McDaniel has advocated to restore the ballot initiative as it was, changing just the number of districts to fix the problem.
“You have a constitutional right as a Mississippi citizen to get around the stubbornness and the obstructionists in your government. You are owed that right. It’s important as free people that you have that right,” McDaniel said at the press association event. “Give us a ballot initiative process that’s workable. Delbert Hosemann has not and will not do that.”
Hosemann’s position has been less clear. While McDaniel claims that Hosemann stands against the initiative, during the session the lieutenant governor specifically brought forward an attempt to resurrect the initiative restoration bill after it had died as a result of legislative deadlines. That move was successful in the Senate, but ultimately a compromise could not be reached with the House.
Senate proposals have focused on increasing the signature threshold needed to get an initiative on the ballot. Under the previous law, the number was about 110,000. The Senate version of the bill would have increased that to almost a quarter of a million. Supporters of the Senate plan say it would lessen the impacts of spending from outside the state, while opponents say it would make it harder for voters to have a direct say.
The House plan would have put in place an initiative process with roughly the same signature threshold as the previous law, although it had other differences from what was struck down by the court.
Hosemann has said he supports restoring the initiative, but that it has been difficult to find support from key senators. Sen. John Polk, R-Hattiesburg, chairs the Accountability, Efficiency, Transparency committee, where the bills originated in the Senate. Polk has been skeptical of restoring the initiative process and has said citizens can still have a say in government without it through their elected representatives.
Senate committee assignments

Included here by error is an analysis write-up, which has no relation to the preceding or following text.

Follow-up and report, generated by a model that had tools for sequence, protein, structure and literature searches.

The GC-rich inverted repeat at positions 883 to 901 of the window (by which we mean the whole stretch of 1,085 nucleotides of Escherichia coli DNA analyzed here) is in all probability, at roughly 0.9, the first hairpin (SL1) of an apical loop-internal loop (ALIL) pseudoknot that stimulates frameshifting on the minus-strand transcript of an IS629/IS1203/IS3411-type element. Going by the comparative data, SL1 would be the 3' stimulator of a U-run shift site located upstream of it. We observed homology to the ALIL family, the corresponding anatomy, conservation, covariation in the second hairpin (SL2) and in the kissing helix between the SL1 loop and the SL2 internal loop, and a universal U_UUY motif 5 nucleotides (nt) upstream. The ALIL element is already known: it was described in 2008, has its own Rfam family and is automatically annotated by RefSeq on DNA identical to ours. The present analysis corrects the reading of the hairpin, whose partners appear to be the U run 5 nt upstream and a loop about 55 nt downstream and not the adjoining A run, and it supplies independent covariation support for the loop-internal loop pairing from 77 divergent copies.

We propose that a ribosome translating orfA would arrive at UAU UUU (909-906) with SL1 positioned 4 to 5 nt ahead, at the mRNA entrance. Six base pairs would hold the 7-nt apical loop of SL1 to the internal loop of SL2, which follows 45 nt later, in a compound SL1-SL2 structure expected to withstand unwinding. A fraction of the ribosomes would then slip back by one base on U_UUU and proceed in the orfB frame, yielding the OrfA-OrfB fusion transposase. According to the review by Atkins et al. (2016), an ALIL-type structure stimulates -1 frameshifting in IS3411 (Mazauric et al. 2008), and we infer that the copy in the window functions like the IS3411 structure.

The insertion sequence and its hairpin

One of McDaniel’s earliest criticisms of Hosemann was over senate committee assignments.
“Since he’s been LG, I serve with only 16 Democrats. For some reason, he appointed 13 of those Democrats to powerful chairmanships,” McDaniel said at the Neshoba fair.
In Mississippi, senators typically only chair one committee. There are 45 senate committees, and 36 Republicans in the chamber. Of the chamber’s 16 Democrats, 13 hold chair positions. There were also 13 Democrats chairing committees during Reeves’ final four years as lieutenant governor. Even if every Republican senator chaired one committee, that would leave five chair positions open.
McDaniel has said there should be less committees, and they should all be chaired by Republicans.
Hosemann, in a speech following McDaniel’s, directly addressed the committee chairs issue.
“Another thing I want to clear up. There are 45 committees in the Mississippi Senate,” Hosemann said. “I only had 36 Republicans. Send me more Republicans.”
Hosemann added that he has put Republicans in charge of the most important committees where the most bills are considered.
“Every bill that came out of the Mississippi Senate, the main and the only bills were drafted by Republicans that I appointed,” Hosemann said. “I did have one Republican chairman that I was really disappointed in. That was my opponent. I appointed him head of the powerful Environmental Protection, Conservation and Water Resources (committee). I’ll tell you what else I did. I put seven Republicans on there and four Democrats. I stacked it … He didn’t hold one hearing. He didn’t pass one bill.”
The primary election will take place on Aug. 8, with a potential runoff on Aug. 29.